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May 16, 2009
May 17, 2009
Start time 12.30 (10.30 GMT, 1600 IST)
Kings XI Punjab have already made it through one make-or-break match successfully. To stay in the running for the semi-finals, they had to beat the No. 1 team, Delhi Daredevils, and they did. A day after that tense victory Punjab are faced with another must-win game, this time against Deccan Chargers. Punjab have 12 points and a negative net run-rate and are presently not among the top four teams with two games to play. The upshot of their off-colour campaign though, is that even if they win against Deccan, they will have another crucial game against Chennai Super Kings.
Deccan might be a weary lot when they take the field against Punjab because not even 24 hours have passed since their previous game. However, they will be buoyant after strengthening their chances of making the semi-finals by beating the winners of the wooden spoon, Kolkata Knight Riders, last night. That victory took them to 14 points, and with two games in hand, the clash against Punjab isn't of must-win importance. A defeat, however, will leave Deccan needing to win against Bangalore in order to qualify without depending on too many other results going their way.
Form guide (completed matches, most recent first)
Kings XI Punjab: WLWLL
Yuvraj Singh is among the season's top five run-scorers but he hasn't played an innings of brutal impact yet. He has two half-centuries, an average of 31.40, but his strike-rate of 122 is lower than his Twenty20 international strike-rate of 164.77. Brett Lee has had a significant impact since he joined the team, taking five wickets in three games at an average of 12.80 and economy of 5.33.
Deccan Chargers: WLWLW
After several indifferent performances, Adam Gilchrist made an aggressive and timely half-century against Delhi and he and Andrew Symonds, who has hit the ground running in South Africa, form the mainstay of Deccan's batting. Rohit Sharma, had been slightly disappoint with the bat till the game against Kolkata, where he scripted an incredible victory. He has also taken 11 wickets and bowled economically.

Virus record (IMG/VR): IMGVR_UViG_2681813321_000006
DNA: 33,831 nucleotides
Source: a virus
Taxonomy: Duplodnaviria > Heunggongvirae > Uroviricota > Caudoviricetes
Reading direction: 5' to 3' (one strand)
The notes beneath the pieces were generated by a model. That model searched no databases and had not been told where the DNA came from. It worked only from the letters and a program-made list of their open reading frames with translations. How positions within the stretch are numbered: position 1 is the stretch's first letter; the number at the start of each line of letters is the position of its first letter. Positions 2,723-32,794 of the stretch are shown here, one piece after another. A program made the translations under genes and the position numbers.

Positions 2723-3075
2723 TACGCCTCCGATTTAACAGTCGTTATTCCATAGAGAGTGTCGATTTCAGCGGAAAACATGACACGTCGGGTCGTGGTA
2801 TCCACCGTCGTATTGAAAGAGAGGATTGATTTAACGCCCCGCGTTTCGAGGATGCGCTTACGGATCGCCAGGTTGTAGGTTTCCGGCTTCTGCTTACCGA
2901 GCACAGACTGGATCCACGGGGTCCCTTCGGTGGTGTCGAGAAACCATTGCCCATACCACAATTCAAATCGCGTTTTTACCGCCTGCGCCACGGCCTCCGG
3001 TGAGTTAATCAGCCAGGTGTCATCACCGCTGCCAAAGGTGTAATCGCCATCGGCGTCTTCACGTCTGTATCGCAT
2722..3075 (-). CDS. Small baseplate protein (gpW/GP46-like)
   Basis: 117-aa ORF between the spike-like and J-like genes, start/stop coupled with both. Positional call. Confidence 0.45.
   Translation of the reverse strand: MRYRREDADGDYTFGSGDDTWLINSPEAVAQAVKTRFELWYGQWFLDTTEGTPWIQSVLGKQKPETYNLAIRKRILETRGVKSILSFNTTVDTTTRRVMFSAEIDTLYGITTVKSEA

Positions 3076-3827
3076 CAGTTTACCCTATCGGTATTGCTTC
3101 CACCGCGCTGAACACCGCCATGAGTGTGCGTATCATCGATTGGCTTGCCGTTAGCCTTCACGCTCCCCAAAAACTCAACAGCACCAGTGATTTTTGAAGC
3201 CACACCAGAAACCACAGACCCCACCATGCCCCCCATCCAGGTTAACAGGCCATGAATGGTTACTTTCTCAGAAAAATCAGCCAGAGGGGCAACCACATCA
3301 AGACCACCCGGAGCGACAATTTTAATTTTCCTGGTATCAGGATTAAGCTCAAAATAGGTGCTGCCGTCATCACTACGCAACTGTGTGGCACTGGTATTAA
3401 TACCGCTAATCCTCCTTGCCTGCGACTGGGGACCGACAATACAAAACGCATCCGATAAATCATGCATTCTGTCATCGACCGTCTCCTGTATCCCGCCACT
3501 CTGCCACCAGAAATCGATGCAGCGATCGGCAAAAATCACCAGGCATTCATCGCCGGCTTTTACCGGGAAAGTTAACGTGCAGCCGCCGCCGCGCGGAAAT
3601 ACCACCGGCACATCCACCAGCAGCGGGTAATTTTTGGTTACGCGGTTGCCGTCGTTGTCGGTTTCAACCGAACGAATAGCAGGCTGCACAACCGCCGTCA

Watch out for
Lee v Symonds: Both players are recent additions to their teams after completing their national duties in the UAE. Lee has been a potent force with the new ball and has given the batsmen few boundary opportunities. He will be expected to tackle his Australian team-mate, Symonds, who has been taking advantage of the short boundaries in South Africa. Symonds averages 49.66 after four innings with a strike-rate of 165.55.
Mahela Jayawardene's hamstring injury is likely to keep him out of the game. His overseas replacement, Luke Pomersbach, has scored only 14 runs in two innings but is likely to keep his spot because Punjab have no other overseas batsmen available.
Kings XI Punjab: 1 Simon Katich, 2 Sunny Sohal, 3 Luke Pomersbach, 4 Yuvraj Singh (capt), 5 Kumar Sangakkara (wk), 6 Irfan Pathan, 7 Brett Lee, 8 Piyush Chawla, 9 Ramesh Powar, 10 Wilkin Mota, 11 Sreesanth.
Herschelle Gibbs was not at his best, either in the field or with the bat, against Kolkata, and could make way for Dwayne Smith. Another player likely to find himself benched is Harmeet Singh, who had the less than impressive figures of 3.5-0-40-0.
Deccan Chargers: (probable) 1 Adam Gilchrist (capt & wk), 2 Herschelle Gibbs/Dwayne Smith, 3 T Suman, 4 Rohit Sharma, 5 Andrew Symonds, 6 Venugopal Rao, 7 D Ravi Teja, 8 Chaminda Vaas, 9 RP Singh, 10 Pragyan Ojha, 11 P Vijaykumar.
Stats and trivia
The head-to-head record is 3-0 in Punjab's favour and all their victories against Deccan have come while chasing. Punjab won by three wickets off the penultimate ball in Kimberley in the first game against Deccan this season. In 2008, they won by seven wickets in Hyderabad and by six wickets in Mohali.
"Brett's important in attack. He's got that x-factor up front and he's a great finisher as well. He's performing and just his presence is important for the team."
Punjab coach Tom Moody is happy with the boost his team has received towards the latter stages of the tournament..
Shorter tours don't allow you time to get into form, and domestic cricket isn't demanding enough